U.S. Mortgage Originations Predicted to Hit $1.95 Trillion in 2024

U.S. Mortgage Originations Predicted to Hit $1.95 Trillion in 2024

Residential News » Washington D.C. Edition | By Michael Gerrity | October 16, 2023 9:48 AM ET

According to the Mortgage Bankers Association, total U.S. mortgage origination volume is expected to increase to $1.95 trillion in 2024 from the $1.64 trillion expected in 2023.

Purchase originations are forecast to increase 11 percent to $1.47 trillion next year. By loan count, total mortgage origination volume is also expected to increase by 19 percent, to 5.2 million loans in 2024 from 4.4 million loans expected in 2023.

Thumbnail image for Mike Fratantoni.jpg
Mike Fratantoni

According to Mike Fratantoni, the MBA's Chief Economist, the U.S. economy has been resilient throughout 2023, but MBA is forecasting that the combination of higher interest rates, tighter credit conditions, and a depletion of pandemic-era household savings will lead to a mild recession in the first half of 2024.

Fratantoni says, "Both fiscal and monetary policies have contributed to the much higher level of mortgage rates in 2023," said Fratantoni. "The Fed's hiking cycle is likely nearing an end, but while Fed officials have indicated that additional rate hikes might not be needed, rate cuts may not come as soon or proceed as rapidly as previously expected. Lower rates should help boost both homebuyer demand and increase the inventory of existing homes, thereby supporting purchase origination volume in 2024."

"The job market will likely slow as we enter 2024, with fewer jobs added and the unemployment rate increasing from its current rate of 3.8 percent to 5.0 percent by the end of 2024. Inflation will gradually decline towards the Fed's 2 percent target by the middle of 2025," Fratantoni continued.

Fratantoni believes that as the economy slows and inflation moves lower, longer-term rates will decline from current levels, helping to bring mortgage rates lower. However, the spread between mortgage and Treasury rates remains roughly 120 basis points wider than typical, due to a combination of factors. The MBA's baseline forecast is for mortgage rates to end 2024 at 6.1 percent and reach 5.5 percent at the end of 2025, as Treasury rates decline and as the spread narrows.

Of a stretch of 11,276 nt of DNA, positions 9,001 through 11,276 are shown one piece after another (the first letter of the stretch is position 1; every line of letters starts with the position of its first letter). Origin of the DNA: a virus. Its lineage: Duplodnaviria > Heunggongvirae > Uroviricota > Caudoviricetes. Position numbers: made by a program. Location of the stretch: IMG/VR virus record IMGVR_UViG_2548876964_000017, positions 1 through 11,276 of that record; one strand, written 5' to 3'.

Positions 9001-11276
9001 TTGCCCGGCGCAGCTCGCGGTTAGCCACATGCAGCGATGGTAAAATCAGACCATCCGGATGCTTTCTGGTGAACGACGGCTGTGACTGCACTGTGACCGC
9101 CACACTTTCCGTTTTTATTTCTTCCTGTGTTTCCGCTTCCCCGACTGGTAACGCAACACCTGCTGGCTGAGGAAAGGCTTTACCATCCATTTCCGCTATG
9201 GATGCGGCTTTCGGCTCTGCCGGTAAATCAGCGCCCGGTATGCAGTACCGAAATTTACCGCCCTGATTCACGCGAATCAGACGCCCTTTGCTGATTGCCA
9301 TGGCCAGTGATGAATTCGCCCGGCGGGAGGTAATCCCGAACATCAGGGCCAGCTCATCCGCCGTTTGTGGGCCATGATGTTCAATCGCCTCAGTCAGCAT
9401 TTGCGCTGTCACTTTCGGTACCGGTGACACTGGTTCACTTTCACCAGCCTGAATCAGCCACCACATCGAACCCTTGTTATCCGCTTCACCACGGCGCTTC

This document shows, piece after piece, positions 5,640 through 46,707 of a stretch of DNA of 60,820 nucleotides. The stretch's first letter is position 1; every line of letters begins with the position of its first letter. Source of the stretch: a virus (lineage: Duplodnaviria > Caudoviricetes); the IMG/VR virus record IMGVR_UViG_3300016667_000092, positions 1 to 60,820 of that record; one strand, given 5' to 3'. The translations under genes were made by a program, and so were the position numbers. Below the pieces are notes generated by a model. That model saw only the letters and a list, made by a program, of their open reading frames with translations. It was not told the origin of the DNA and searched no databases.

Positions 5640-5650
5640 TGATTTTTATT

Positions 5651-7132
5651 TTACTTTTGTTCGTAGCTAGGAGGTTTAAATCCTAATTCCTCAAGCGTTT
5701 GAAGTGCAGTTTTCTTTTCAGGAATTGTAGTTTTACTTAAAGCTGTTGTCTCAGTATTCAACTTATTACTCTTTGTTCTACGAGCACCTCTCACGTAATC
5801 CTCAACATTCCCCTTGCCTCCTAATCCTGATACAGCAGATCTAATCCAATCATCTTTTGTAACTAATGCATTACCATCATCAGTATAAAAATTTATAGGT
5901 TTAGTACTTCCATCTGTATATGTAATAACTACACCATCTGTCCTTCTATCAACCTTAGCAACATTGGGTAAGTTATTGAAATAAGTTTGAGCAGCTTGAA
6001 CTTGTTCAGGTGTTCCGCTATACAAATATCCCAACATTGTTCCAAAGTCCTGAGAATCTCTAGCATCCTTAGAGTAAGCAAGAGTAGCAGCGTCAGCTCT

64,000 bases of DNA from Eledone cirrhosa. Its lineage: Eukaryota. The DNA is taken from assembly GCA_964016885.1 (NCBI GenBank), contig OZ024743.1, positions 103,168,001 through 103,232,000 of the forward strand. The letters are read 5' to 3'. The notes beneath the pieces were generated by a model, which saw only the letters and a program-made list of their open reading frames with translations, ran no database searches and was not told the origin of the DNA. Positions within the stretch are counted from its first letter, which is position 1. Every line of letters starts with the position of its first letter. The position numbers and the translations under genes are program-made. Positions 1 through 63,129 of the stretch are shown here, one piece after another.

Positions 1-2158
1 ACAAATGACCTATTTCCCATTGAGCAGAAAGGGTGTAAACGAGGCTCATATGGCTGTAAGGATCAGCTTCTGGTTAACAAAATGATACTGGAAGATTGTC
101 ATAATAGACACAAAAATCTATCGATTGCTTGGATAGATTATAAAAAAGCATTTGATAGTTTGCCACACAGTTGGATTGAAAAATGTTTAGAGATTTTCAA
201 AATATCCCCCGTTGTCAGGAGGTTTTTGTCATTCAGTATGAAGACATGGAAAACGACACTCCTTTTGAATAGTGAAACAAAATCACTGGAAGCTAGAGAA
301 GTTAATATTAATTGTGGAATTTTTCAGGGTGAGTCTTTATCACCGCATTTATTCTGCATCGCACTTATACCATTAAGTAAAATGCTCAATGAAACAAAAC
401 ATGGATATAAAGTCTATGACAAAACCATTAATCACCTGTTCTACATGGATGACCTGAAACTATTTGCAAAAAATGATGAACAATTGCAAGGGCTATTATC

The MBA expects national home prices will grow over the next three years, as tight inventory supports price growth. The MBA emphasized that first-time homebuyers will account for a large portion of housing demand over the next few years, given the largest age cohort entering its prime homeownership ages. There will still be challenges, as median purchase and interest payments remain high, for-sale inventory is scarce, particularly for entry-level homes, and credit availability is low.

"New home sales continue to be stronger than existing-home sales, as buyers increasingly turn to newly constructed homes given the dearth of existing home listings and how competitive the bidding process still is. Data from our Builder Applications Survey have shown solid year-over-year gains in purchase applications in recent months," the MBA said.

The MBA noted during her presentation that production losses persisted in 2023, and that it will likely continue through next spring.

"Excess capacity continues to be a challenge for mortgage lenders, with low productivity levels and high expenses per loan," said the MBA. "Lenders have reduced their head counts and gross expenses, but the record-low volume is a primary driver of these escalating per-loan costs."

Last year the MBA estimated that a 30 percent decrease in mortgage industry employment from peak to trough will need to occur, given the decrease in production volume. MBA now estimates that the industry is roughly two-thirds of the way there.

The MBA continued, "On the servicing side of the business, low delinquencies and prepayments means that servicing net operating income has risen in 2023, enabling many lenders to stay profitable overall. In 2024, delinquency rates are likely to increase as unemployment increases and borrowers are stressed by increasing property taxes and insurance and the resumption of student debt payments."

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